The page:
Right now, God has put Kristin in front of me, and I will not let such a gift fall by the wayside.


I’d tell her to walk. The fact that he is going back and forth is a red flag. He will never be certain about his vocation.

Fast forward ten years down the road. They are married. They have a mortgage, crying kids and marital stresses that all couples have. His old doubts resurface and he begins to think he was never meant to marry after all, and his real calling with the priesthood (because it looks so much more peaceful and quiet from a distance).

I’ve seen it happen. It doesn’t help the marriage much, by the way.

When you marry, you have to go into it without any mental reservation whatsoever. He’s not there.

She doesn’t need to go through life wondering if she kept a man from his calling to the altar.


Perhaps he is called to the deaconate?


He doesn’t feel called to the diaconate at all, apparently. And my friend has been pretty clear that she at this point would not be thrilled with him wanting to pursue that within marriage. She feels like it could potentially make their marriage a secondary priority. Besides, they are in their late twenties. I think you have to be minimum age 35 to even begin the program.

Stephanie, I agree that there are certainly things I might not know about. But I’ve also known her for fifteen years and been the listening ear for much of the various stages of their relationship. I asked her yesterday what his spiritual director was saying about all of this, and she said he has really struggled lately to open up to his SD. (He has a different one then the original one, since moving far away.) So I’m not sure how helpful SD has been as of lately.

As a friend, I guess I’m not sure how to respond or how to comfort or reassure when she asks me for it. It freaks me out for her that he is so indecisive, but of course I can’t react that way to her.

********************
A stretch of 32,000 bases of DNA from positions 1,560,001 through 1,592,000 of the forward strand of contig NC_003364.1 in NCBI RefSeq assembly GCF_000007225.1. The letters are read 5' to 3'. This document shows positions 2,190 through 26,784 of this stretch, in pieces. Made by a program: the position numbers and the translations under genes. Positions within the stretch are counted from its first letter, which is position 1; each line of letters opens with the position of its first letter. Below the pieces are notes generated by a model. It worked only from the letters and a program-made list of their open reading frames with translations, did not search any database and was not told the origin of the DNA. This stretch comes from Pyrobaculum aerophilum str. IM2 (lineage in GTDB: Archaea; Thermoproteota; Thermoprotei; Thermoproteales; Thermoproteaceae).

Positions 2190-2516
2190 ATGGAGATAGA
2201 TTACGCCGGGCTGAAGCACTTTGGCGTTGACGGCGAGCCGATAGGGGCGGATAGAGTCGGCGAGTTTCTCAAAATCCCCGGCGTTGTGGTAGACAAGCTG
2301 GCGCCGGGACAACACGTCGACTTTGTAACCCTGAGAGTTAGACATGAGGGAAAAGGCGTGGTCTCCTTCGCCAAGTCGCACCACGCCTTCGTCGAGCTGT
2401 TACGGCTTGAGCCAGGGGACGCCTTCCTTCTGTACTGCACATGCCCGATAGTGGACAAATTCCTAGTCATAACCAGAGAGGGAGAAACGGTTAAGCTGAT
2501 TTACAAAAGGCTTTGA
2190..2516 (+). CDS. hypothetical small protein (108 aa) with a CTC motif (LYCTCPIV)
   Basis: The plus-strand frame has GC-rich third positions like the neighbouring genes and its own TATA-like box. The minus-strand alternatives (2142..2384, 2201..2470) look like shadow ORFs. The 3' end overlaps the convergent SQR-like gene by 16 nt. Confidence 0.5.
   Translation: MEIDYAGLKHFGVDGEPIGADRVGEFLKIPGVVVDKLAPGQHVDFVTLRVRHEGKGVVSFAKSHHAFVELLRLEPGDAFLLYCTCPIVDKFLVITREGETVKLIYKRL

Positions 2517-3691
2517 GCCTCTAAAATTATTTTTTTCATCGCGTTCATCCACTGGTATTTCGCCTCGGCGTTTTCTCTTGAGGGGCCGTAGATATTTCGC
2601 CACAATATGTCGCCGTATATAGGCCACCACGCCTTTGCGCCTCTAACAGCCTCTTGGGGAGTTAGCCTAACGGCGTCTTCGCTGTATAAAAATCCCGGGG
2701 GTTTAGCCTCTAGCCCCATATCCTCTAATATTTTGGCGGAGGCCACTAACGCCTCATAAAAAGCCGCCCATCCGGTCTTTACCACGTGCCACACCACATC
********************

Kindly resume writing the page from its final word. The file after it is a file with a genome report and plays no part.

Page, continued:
She sent me an email last night saying that she thinks if the relationship wasn’t meant to be, that she would be having doubts too, but she doesn’t. However, I’m not sure I agree with that logic… is that always true, do any of you think?

Thanks Japhy. I know he has said what you have said–and also that he feels in some ways like he’s choosing the ‘lesser’ vocation by marrying my friend, and he wants to serve God to the highest extent possible. Of course, that might be marriage, but (from what I understand) he seems to think the priesthood is the most perfected way. I don’t know. I know his heart is just wanting to please God but I don’t understand why he is in such a state of constant conflict. (But that’s not for me to understand, of course.)


She sent me an email last night saying that she thinks if the relationship wasn’t meant to be, that she would be having doubts too, but she doesn’t. However, I’m not sure I agree with that logic… is that always true, do any of you think?

Hahah. That was my laugh for the day. Thank you! :smiley:

Marriage takes TWO people. I don’t care if one person has no doubts whatsoever. A chain is only as strong as its weakest link. If he has doubts, the chain will break.

There is nothing more devastating than being married for six years and having three small babies and having your husband inform you that he’s not sure he should have married after all. Even if she has no doubts, his doubts are a deal breaker.